This Boy’s Life

Chuck Bolger Character Analysis

One of Jack’s closest friends in high school. Chuck is a preacher’s son, but has a serious drinking problem. When drunk, he is “haunted and wild”; when sober, he is kind, gentle, brotherly, and the kind of person everyone wants to be friends with. Chuck and Jack frequently play pranks and get into mischief, and though they have lighthearted fun together often, Jack notices that when Chuck gets too drunk, he seems to want to hurt himself.

Chuck Bolger Quotes in This Boy’s Life

The This Boy’s Life quotes below are all either spoken by Chuck Bolger or refer to Chuck Bolger. For each quote, you can also see the other characters and themes related to it (each theme is indicated by its own dot and icon, like this one:
Storytelling and Escapism Theme Icon
). Note: all page numbers and citation info for the quotes below refer to the Grove Press edition of This Boy’s Life published in 1989.
Chapter 26 Quotes

Everyone liked Chuck. Sober, he was friendly and calm and openhanded. When I admired a sweater of his he gave it to me, and later he gave me a Buddy Holly album we used to sing along with. Chuck liked to sing when he wasn't in church. It was hard to believe, seeing him in the light of day, that he had spent the previous night throwing himself against a tree. That was why the Bolgers had so much trouble coming to terms with his wildness. They saw nothing of it. He lingered over meals in the main house, talked with his father about the store, helped his mother with the dishes. His little sisters fawned on him like spaniels. Chuck seemed for all the world a boy at home with himself, and at these times he was. It wasn't an act. So when the other Chuck, the bad Chuck, did something, it always caught the Bolgers on their blind side and knocked them flat.

Related Characters: Jack / Tobias (speaker), Chuck Bolger
Page Number: 240
Explanation and Analysis:
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Chuck Bolger Character Timeline in This Boy’s Life

The timeline below shows where the character Chuck Bolger appears in This Boy’s Life. The colored dots and icons indicate which themes are associated with that appearance.
Chapter 20
Identity and Performance Theme Icon
Education Theme Icon
...boys and is dedicated to becoming an outlaw just like them. His closest friend is Chuck Bolger, who drinks to excess and gets into trouble all the time despite being the... (full context)
Chapter 25
Storytelling and Escapism Theme Icon
Abuse Theme Icon
Rosemary talks to Chuck Bolger’s parents, and they agree to take Jack in for a few months until the... (full context)
Abuse Theme Icon
On the day that Chuck comes to collect Jack from Chinook, Dwight takes Jack aside and says he wants to... (full context)
Chapter 26
Identity and Performance Theme Icon
Chuck drinks to the point of intoxication almost every night. Some nights he is happy and... (full context)
Identity and Performance Theme Icon
Abuse Theme Icon
Chuck and Jack live together in a converted storage shed on the Bolger’s large property. Each... (full context)
Identity and Performance Theme Icon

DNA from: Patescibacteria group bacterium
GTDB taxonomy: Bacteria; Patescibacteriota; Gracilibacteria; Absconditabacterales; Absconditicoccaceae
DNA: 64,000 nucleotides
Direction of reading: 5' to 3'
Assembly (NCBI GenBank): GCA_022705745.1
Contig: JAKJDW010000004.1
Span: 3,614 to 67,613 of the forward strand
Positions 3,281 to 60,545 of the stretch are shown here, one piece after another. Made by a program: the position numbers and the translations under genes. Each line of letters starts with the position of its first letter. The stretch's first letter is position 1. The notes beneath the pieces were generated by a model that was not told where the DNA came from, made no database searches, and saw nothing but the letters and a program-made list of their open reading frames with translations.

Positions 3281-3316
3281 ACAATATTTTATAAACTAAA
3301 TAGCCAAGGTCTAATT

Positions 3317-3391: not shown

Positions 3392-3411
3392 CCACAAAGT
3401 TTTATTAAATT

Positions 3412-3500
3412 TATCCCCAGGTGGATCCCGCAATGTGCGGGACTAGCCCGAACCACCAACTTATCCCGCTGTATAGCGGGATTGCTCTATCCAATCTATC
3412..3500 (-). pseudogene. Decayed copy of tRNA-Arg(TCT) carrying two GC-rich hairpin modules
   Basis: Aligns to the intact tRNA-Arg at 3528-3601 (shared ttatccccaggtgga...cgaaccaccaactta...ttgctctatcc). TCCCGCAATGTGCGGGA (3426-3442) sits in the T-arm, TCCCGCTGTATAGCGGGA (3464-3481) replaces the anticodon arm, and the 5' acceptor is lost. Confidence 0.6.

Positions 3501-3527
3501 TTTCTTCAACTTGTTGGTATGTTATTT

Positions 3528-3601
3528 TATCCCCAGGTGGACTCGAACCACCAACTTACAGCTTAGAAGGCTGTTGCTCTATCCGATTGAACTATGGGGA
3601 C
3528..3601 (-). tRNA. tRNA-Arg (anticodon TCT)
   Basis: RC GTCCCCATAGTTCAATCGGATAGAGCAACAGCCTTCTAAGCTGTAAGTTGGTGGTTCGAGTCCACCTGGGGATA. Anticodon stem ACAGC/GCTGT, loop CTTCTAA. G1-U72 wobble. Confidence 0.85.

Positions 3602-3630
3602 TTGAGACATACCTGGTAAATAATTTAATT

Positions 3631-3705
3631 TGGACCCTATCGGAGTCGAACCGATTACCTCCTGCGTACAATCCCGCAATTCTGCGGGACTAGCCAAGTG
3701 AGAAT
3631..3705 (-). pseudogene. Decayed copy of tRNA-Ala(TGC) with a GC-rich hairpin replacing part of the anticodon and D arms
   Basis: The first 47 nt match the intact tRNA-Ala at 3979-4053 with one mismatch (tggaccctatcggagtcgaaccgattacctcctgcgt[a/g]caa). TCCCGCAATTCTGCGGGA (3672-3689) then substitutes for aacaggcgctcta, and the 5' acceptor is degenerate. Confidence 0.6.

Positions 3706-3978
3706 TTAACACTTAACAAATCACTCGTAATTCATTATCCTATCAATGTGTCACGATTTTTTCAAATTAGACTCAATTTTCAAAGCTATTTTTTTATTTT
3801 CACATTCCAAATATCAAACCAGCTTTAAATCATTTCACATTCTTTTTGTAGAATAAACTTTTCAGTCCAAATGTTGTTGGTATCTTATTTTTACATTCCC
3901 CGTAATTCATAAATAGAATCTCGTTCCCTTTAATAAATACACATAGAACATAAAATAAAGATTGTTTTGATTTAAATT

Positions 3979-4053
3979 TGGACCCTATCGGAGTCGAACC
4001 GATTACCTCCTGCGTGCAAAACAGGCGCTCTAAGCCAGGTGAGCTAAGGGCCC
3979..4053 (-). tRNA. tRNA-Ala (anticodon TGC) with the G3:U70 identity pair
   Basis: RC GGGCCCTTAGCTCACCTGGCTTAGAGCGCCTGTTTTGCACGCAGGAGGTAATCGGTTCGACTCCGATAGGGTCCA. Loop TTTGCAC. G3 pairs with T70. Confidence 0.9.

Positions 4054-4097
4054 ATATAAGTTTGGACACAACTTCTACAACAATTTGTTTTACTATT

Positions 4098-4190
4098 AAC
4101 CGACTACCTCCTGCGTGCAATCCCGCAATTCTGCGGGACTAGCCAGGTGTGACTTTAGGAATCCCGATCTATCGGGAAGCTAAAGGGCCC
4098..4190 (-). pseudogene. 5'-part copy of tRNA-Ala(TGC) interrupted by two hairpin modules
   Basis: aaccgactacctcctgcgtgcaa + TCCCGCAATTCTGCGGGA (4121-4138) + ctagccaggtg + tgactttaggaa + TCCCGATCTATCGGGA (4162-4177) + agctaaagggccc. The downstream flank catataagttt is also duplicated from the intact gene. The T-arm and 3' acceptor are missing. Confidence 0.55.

Despite Chuck’s excessive drinking and occasionally violent temperament, he is always very kind to Jack, and Jack... (full context)
Abuse Theme Icon
...cards, Jack and his friends decide it might be fun to drive out to Bellingham. Chuck does not have enough gas for the trip—but says he knows where to get some.... (full context)
Abuse Theme Icon
The next morning, Mr. Bolger wakes Chuck and Jack and urges them to get dressed and come to the main house. In... (full context)
Abuse Theme Icon
Chuck and Jack drive the cans back over to the Welches’ and then bring them up... (full context)
Storytelling and Escapism Theme Icon
Abuse Theme Icon
That afternoon, Mr. Bolger comes to the shed to talk to Chuck and Jack and ask if they made their apologies. Jack confesses that though he wanted... (full context)
Chapter 27
Identity and Performance Theme Icon
One night, the sheriff comes to the house to tell the Bolgers that Chuck is about to be charged with statutory rape by a girl from Concrete High, and... (full context)
Identity and Performance Theme Icon
Chuck comes back to the shed from the main house and tells Jack the whole story.... (full context)
Storytelling and Escapism Theme Icon
...by, the atmosphere in the Bolger household is tense and miserable. Mr. Bolger repeatedly tells Chuck that he must marry Tina, but Chuck cannot be convinced. Even when Huff and Psycho... (full context)
Storytelling and Escapism Theme Icon
The sheriff begins pressuring Chuck more harshly to make a decision. Jack suggests Chuck run off and join the army,... (full context)
Storytelling and Escapism Theme Icon
Identity and Performance Theme Icon
That night, the sheriff comes by one final time. He gives Chuck an ultimatum: “get with the program or else.” When Chuck comes back to the shed... (full context)
Chapter 28
Abuse Theme Icon
...so that Dwight can try and win Rosemary back. Jack doesn’t like hearing this—he and Chuck have their own plans to go down to Seattle the next day so that Jack... (full context)
Identity and Performance Theme Icon
Abuse Theme Icon
Later that afternoon, Jack gets an idea. That night, after midnight, Chuck and Jack sneak out and drive to Chinook. They get to Dwight’s house, and after... (full context)
Chapter 30
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Jack meets Chuck outside a movie theater, where Chuck has spent the afternoon at a double feature. Together,... (full context)
Chapter 31
Storytelling and Escapism Theme Icon
...bright at certain moments;” Jack recalls one such moment as the afternoon he spent with Chuck in Seattle. The two boys had overcome a lot of difficulty recently and were poised... (full context)